The facilitators do not offer advice to GPs about the management of individual drug users, as this is provided by the CDPS. Although the practice visit is often used to impart information or to reinforce advice issued in 'Local AIDS' sheets and guidelines, it can achieve far more than this. When working with the whole practice team, the emphasis is o developing a team approach to working with drug users and, in order to achieve this, the practice visit provides an opportunity for team members to hear one another's views and understand one another's difficulties. The facilitator always acknowledges that working with drug users is difficult and offers ideas, not in the hope of making the work easy but with confidence that they will help to make the work a little less difficult. Both medical facilitators make use of the fact that they have worked in general practice and have experience of working with drug users so that their advice is based on the 'best friend model' and a 'shared view of the world of general practice' (Allsop, 1990). The facilitators encourage practices to adopt policies and to use signed agreements with drug users so that doctors, receptionists, drug users and all members of the practice team are aware of what behaviour is expected of drug users and what sanctions will be applied if an agreement is broken. The facilitators emphasise the importance of consistency of approach, of receptionists being backed up when they are implementing practice policy, and of clear boundaries, combined with a caring and respectful attitude towards drug users. They explain that such an approach not only helps to reduce the stress and chaos that can be associated with caring for drug users in general practice but is also supportive to drug users, and may encourage them to mature out of adolescent behaviour.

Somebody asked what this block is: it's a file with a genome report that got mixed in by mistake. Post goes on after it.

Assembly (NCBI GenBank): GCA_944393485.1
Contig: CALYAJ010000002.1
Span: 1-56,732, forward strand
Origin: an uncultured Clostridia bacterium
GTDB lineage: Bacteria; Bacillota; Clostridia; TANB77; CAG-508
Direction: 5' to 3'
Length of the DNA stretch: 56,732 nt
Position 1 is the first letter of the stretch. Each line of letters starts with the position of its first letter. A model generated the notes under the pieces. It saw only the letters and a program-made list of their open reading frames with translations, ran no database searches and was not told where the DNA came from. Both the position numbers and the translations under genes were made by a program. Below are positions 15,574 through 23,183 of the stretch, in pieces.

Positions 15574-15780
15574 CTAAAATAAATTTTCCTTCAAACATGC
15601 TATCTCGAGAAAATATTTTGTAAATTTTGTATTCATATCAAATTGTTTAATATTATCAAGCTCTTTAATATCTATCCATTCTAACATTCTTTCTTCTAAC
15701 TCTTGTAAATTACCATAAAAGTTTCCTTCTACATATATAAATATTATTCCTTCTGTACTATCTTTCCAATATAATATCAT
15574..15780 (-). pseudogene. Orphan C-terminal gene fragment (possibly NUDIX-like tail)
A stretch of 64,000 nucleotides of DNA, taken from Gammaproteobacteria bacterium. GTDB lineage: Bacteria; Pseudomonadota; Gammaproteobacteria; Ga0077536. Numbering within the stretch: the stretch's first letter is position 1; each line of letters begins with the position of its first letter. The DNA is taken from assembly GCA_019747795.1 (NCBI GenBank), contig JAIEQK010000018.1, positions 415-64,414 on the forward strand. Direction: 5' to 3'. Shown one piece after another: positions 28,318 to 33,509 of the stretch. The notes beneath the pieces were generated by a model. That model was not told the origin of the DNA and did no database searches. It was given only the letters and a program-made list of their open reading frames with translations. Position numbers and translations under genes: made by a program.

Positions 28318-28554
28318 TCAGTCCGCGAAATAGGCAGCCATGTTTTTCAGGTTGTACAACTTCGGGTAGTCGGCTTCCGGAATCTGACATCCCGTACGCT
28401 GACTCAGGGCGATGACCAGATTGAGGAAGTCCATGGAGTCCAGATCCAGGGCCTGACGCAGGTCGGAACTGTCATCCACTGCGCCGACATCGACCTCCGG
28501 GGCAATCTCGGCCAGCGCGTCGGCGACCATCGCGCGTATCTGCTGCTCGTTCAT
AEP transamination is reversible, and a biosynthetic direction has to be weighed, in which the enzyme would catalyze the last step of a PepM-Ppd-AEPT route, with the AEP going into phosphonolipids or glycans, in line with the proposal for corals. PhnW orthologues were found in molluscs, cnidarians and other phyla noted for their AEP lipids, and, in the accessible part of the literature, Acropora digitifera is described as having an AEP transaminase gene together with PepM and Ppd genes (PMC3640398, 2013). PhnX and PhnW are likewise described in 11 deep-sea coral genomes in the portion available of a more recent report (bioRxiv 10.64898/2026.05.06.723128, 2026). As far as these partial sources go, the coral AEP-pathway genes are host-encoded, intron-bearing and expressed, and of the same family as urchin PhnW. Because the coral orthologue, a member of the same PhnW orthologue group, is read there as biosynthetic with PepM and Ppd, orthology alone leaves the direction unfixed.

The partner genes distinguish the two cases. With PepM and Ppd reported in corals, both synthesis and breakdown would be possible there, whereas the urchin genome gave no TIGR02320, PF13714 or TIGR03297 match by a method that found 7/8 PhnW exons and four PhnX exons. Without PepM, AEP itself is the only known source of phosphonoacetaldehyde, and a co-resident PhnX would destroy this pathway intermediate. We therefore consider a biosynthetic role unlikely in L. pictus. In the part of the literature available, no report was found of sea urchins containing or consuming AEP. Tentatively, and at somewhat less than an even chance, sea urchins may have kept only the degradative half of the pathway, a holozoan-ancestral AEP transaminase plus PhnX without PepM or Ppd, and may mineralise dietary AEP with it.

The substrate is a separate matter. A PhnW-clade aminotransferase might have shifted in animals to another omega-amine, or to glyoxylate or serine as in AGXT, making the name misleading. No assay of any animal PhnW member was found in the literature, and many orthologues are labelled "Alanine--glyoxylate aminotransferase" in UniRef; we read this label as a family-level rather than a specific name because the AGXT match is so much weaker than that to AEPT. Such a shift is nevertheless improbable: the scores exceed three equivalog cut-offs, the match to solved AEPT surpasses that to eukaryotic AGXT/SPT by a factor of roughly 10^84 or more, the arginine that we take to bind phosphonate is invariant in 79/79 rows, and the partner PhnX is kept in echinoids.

At the end of the visit, which rarely last, more than an hour, the facilitator offers to return to discus issues in more detail with different professional groups (e.g. doctors or receptionists) and offers to comment on practice policies or agreements where practices plan to introduce these.

In 1994 the team sent a letter to every GP and practice manager in Lothian informing them of the expansion of the work of drug facilitation and inviting requests for visits. This has led to an increase in requests, especially from practice managers requesting visits for receptionists, and the nurse facilitator now frequently undertakes these alone, offering support and advice to receptionists on managing difficulties in the reception area.